Cailin Heinze, VMD, DACVN, Leads New Diet Study in Dogs Undergoing Chemotherapy

Heinze Calin (2)Cailin Heinze, VMD, DACVN, grew up on a small hobby farm outside of Pittsburgh and idolized her family’s veterinarian. By the time she was seven, she was certain that she would become a veterinarian. After earning her veterinary degree from the University of Pennsylvania and working in private practice, Dr. Heinze completed a veterinary residency in small animal clinical nutrition and a master’s degree in nutritional biology at the University of California – Davis.

Complementing her clinical and teaching responsibilities at Cummings School and Foster Hospital for Small Animals, Dr. Heinze is proud to be the lead Principal Investigator on an important diet study of dogs undergoing chemotherapy. The study: ‘Investigation of a novel diet for support dogs undergoing chemotherapy for mast cell tumors or multicentric lymphoma’ is currently enrolling dogs diagnosed with mast cell tumors or lymphoma that have not been previously treated for their cancer.  (http://bit.ly/1xdTx32)

Eight weeks in duration, the diet program is initiated at the same time as the administration of chemotherapy. This study is a great opportunity for dogs diagnosed with cancer and has the potential to reduce the gastrointestinal side effects of chemotherapy. While it does not cover the cost of chemotherapy, pet owners receive an 8-week supply of high quality food, complimentary blood work and several no-cost clinical visits with Foster Hospital’s oncology department, as well as a monetary credit for successful completion of the trial.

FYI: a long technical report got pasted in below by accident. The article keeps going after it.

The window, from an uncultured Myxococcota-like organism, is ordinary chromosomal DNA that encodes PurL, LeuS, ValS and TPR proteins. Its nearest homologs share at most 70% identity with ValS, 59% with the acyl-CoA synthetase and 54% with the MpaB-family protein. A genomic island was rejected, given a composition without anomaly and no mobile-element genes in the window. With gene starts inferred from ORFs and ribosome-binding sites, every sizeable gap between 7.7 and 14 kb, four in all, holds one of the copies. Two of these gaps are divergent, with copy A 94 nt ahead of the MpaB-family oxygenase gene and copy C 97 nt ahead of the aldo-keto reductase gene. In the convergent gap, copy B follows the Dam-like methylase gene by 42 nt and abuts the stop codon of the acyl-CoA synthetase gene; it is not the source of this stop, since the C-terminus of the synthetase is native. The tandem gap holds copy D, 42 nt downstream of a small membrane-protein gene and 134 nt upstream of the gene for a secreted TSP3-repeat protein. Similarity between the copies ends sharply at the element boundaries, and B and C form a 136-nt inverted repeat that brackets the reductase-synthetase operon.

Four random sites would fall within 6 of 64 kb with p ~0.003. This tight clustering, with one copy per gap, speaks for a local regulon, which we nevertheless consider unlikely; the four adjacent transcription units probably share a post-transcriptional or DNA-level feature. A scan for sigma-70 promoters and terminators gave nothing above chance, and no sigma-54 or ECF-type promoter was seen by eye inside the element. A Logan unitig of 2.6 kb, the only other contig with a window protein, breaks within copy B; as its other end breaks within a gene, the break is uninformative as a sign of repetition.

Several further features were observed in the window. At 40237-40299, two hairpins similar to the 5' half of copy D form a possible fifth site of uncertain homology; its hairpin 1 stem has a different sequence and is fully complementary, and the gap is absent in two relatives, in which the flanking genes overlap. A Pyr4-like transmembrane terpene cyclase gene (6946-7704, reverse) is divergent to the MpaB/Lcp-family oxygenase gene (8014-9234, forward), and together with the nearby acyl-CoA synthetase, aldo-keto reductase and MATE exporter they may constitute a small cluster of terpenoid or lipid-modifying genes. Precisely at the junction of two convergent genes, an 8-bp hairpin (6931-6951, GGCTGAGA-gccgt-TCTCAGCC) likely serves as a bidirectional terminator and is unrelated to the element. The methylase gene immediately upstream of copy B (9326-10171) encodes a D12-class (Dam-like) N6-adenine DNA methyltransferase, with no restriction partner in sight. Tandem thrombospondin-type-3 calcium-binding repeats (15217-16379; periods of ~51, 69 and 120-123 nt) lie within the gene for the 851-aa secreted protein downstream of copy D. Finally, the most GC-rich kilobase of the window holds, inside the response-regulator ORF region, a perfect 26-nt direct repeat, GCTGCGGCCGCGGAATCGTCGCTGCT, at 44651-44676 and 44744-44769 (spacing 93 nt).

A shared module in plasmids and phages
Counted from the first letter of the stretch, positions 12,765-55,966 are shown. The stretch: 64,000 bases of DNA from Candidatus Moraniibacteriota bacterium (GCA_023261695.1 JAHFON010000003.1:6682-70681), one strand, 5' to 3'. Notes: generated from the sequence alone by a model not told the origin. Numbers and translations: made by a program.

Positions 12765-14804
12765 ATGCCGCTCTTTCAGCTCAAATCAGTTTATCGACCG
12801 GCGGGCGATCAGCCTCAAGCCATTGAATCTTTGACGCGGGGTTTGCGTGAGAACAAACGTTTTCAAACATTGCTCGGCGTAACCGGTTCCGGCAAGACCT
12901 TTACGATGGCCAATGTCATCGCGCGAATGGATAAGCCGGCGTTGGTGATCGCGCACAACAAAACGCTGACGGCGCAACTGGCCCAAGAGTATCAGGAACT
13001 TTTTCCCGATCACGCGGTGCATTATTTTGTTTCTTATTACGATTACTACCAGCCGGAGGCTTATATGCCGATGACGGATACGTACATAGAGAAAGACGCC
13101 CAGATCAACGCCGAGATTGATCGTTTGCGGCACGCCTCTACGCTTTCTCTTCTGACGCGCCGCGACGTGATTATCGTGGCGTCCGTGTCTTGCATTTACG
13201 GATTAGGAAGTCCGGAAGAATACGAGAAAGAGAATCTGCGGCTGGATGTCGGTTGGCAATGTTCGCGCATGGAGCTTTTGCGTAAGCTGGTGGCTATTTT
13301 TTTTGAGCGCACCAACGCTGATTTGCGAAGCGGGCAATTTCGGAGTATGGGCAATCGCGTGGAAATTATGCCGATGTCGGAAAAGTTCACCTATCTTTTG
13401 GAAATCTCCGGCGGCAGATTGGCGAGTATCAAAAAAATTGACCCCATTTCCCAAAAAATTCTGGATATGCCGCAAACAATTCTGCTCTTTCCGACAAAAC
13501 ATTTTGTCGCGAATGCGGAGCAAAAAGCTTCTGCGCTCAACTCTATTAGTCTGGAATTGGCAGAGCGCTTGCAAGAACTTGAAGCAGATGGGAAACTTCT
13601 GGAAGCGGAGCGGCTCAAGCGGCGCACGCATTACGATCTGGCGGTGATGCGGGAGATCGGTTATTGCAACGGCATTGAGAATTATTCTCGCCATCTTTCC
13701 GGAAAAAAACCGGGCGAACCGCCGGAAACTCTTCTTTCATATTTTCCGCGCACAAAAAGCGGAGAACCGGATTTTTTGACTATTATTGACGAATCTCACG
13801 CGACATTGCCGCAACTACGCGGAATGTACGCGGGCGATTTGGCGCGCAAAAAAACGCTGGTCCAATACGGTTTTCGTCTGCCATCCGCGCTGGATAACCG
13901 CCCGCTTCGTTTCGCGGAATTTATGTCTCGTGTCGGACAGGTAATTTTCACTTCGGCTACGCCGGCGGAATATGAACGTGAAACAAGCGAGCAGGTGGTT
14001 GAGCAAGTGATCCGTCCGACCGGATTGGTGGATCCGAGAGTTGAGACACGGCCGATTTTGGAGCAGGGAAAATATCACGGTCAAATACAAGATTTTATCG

“It’s the team atmosphere, sharing of knowledge, and desire to gather more knowledge that make Cummings School such a great place to work,” says Dr. Heinze, who recently celebrated her four-year work anniversary. With only 70 board-certified veterinary nutritionists in the country, Dr. Heinze and two of her fellow board-certified colleagues provide unique teaching and services that more than half of the veterinary schools in the country are not staffed to provide.

Outside of work, she stays very active. Calling herself a “health nut,” she loves to cook, which dovetails nicely with her career as an animal nutritionist. She also loves to garden, hike, camp, walk and jog and enjoys her two cockatiels, as well as schooling lower level dressage with her older Thoroughbred gelding.